TITLE: Mighty Crusaders #4
PUBLISHER: Mighty Comics Group (Archie Comics)
WRITER: Jerry Siegel
ILLUSTRATOR: Paul Reinman
COLORS: Victor Gorelick
LETTERS: Sam Rosen
EDITOR: Richard Goldwater
COVER: Paul Reinman
SUMMARY: The formation of the Mighty Crusaders inspires other heroes to come out of retirement and petition for membership.
COMMENTS: The story is titled “Too Many Super Heroes” Archie Comics had launched their superheroes in the silver age with two Simon & Kirby classics, The Fly and The Double life of Private Strong. As the Fly series continued he became Flyman. More in line with heroes like Superman and Batman as Superman creator Jerry Siegle took over the title. In the pages of Flyman #31, Jerry Siegle revived many of the Golden Age Archie Superheroes to create an Archie superhero team similar to the JLA. They were the Mighty Crusaders and less then a year later they had their own comic.
In this issue, Jerry decided to revive almost all the Golden Age superheroes. The Mighty Crusaders consisted of The Black Hood, The Comet, Fly Man, Fly Girl, and The Shield (Son of the Original Shield). In this single issue, Jerry and Paul Reinman re-introduced Black Jack, Bob Phantom, Captain Flag and Yank his pet eagle, Dusty, Fireball, Firefly, The Fox, Hangman, Inferno the fire-breather, the Jaguar, Kardak the Mystic, Mr. Justice, Roy the Super Boy, Steel Sterling the man of steel, The Web, The Wizard, Zambini the Miracle Man, and Rose Raymond who would become Pow-Girl at a later date.
Clearly “too many superheroes” for one story. But they were all here. The only Golden Age Archie heroes not to be revived were Red Rube and Mister Satan. Who would guess that ’60 wholesome Archie Comics wouldn’t want to publish a hero called Mister Satan?
In one issue all of the Golden Age greats were back again! However, Hangman and the Wizard had been taken over by the Dark Side and were now evil. It’s one of the first times in comics history where the good guys went bad, and it wasn’t just a plot for this issue. The ramifications of this “heal turn” lasted for decades.
One of the bad raps that the Mighty Crusaders and Might Comics Group get is that some readers felt like they were trying to copy the Marvel style and didn’t quite get it. That is an assumption made my Marvel fans who sampled the Mighty Comics line and didn’t quite get it themselves.
Other people who don’t know their comic history well think they were trying to copy the success of the Batman TV show. But all true comics fans know the wildly successful Batman TV Show with Adam West debuted January 12, 1966, and this very story was cover-dated May 1965. Further Belmont Books released “High Camp Superhero” in April 1966, just 3 months after the debut of the Batman TV Show, the book was in full production before the launch of the TV show.
In the ’60s DC Comics remade their superheroes science fiction heroes under the helm of Julie Schwartz, with many of the origins now sci-fi inspired. At the same time, Marvel Stan Lee would re-made their heroes as soap opera heroes with personal problems, angst and they didn’t have the public admiration of their DC counterparts. At Archie they were the third flavor; the strawberry to DC and Marvels Chocolate and Vanilla. Archie Comics was filled with silly teen romance featuring Archie, Betty, and Veronica’s romantic triangle. Unlike other romance comics, these were silly stories with over the top humor. With the Archie superheroes, they used the same concept. The Mighty Comics Group had taken a similar approach with over the top Camp humor added to the stories. Camp humor is absurdly exaggerated and artificial feeling humor. With the Mighty Crusaders, Jerry Seigle captured everything that made the Archie Heroes wonderful in the ’40s and exaggerated the actions and reactions until the Archie superheroes who took themselves seriously were in fact silly.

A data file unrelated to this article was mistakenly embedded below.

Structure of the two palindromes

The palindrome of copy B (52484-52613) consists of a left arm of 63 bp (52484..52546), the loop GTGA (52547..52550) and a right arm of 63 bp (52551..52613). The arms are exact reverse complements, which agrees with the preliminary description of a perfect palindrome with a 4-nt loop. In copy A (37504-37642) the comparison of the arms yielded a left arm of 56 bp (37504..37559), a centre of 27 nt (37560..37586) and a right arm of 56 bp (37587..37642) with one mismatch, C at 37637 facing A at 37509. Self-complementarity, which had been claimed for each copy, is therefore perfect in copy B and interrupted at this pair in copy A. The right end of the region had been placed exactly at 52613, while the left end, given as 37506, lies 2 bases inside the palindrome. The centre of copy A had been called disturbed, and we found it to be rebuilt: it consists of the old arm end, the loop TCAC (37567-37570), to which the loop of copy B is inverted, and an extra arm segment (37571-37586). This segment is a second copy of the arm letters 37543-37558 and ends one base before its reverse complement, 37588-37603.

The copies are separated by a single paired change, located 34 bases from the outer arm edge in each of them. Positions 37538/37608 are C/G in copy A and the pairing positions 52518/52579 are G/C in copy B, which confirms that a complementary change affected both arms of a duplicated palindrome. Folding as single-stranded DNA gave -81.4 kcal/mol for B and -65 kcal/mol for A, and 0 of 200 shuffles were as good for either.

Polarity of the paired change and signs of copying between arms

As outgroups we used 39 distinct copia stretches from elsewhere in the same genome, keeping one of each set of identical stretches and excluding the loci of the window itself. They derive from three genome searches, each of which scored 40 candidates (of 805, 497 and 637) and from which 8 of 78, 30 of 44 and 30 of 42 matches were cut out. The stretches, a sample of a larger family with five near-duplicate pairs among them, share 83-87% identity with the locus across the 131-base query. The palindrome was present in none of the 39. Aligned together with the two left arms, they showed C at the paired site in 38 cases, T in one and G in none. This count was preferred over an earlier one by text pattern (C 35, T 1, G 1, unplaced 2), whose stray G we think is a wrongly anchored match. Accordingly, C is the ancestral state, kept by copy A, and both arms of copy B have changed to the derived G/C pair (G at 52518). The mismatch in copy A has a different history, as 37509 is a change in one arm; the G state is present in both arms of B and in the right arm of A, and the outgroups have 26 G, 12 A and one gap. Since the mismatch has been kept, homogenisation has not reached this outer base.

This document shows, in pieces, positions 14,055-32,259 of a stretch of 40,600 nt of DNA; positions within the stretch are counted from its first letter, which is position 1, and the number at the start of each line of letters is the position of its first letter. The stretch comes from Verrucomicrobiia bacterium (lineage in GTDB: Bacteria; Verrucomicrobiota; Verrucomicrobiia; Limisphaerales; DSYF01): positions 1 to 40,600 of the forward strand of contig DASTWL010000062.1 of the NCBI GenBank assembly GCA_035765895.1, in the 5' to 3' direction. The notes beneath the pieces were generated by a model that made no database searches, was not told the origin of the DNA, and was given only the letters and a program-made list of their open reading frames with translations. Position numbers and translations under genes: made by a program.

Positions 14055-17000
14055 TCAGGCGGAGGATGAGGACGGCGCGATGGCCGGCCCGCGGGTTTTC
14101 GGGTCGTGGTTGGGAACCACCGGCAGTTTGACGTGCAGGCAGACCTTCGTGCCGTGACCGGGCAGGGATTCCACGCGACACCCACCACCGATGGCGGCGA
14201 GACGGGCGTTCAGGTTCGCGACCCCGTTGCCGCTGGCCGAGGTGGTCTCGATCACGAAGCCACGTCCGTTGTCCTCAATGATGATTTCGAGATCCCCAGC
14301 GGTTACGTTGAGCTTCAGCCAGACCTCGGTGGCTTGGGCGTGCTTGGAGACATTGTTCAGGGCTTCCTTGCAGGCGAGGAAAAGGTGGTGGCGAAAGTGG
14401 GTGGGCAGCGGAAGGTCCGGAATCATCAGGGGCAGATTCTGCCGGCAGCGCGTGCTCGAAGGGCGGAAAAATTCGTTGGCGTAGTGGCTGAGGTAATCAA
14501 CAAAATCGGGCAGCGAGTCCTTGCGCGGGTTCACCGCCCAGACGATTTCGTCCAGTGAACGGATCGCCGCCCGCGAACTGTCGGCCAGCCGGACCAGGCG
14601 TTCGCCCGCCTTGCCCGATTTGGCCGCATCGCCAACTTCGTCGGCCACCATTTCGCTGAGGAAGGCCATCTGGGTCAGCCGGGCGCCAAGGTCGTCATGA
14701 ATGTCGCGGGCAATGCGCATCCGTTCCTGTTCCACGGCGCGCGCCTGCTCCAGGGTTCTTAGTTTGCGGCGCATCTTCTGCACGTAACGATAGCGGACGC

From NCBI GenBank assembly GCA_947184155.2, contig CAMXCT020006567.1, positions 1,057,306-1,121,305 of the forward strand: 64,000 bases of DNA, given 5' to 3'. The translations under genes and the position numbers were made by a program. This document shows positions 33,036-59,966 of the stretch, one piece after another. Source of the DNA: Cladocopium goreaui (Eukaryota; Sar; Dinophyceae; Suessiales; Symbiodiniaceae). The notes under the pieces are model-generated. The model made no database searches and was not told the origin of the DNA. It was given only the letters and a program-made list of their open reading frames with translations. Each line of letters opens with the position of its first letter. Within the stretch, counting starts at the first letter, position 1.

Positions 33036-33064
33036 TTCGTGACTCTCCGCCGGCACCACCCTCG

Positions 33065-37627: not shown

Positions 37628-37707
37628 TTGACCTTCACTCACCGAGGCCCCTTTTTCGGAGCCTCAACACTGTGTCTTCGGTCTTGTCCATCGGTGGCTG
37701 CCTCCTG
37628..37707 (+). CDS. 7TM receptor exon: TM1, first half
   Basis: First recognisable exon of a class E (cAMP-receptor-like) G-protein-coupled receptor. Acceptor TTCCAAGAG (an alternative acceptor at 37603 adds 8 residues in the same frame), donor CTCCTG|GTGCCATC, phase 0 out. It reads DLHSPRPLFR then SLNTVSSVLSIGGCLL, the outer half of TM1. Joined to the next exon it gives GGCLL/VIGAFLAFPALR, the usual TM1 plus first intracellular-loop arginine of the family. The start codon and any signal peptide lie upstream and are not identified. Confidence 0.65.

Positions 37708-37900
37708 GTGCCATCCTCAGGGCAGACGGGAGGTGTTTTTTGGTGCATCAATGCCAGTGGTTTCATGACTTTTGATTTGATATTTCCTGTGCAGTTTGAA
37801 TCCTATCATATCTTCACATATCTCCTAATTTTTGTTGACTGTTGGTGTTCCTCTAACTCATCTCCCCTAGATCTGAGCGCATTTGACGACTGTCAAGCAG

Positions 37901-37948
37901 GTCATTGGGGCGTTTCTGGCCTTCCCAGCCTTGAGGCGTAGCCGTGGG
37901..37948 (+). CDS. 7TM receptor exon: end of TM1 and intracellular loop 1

Right from the first splash page with a folk singer to what the Mighty Crusaders are doing in their private lives, The Black Hood is decorated for bravery, Fly Girl misses her awards ceremony, Flyman wins a trial, The Shield getting fired, and this becomes a running gag where Bill Higgins is fired in almost every story. We also have the Comet having to leave the girl of his dreams to rush off to the Mighty Crusaders meeting. Jerry sets up the arch types and humor all in the span of two pages. We also get the superheroes fighting with one another. In the Golden Age, the friendship between the Shield and Wizard was legendary, here the heroes engage in squabbles much like Archie and Reggie do in their comics. We also get a glimpse of the Web and his wife Rosie. The Web is the henpecked Husband, his wife doesn’t want him to be a superhero. It is a different approach to the superhero story and also brings in more humorous elements. At the end of the story, you also get a kiss between Flyman and Flygirl bringing in some of Archie’s trademark romance.
The Mighty Crusaders are not the Justice League or the Avengers. They are a group of heroes that bring fun and comedy to a group of characters that take themselves all to seriously in less than serious situations.
I highly recommend you pick up a back issue of the Mighty Crusades #4 at your local comic shop or The Mighty Crusaders: Origin of a Super-Team TPB that reprints these wonderful stories.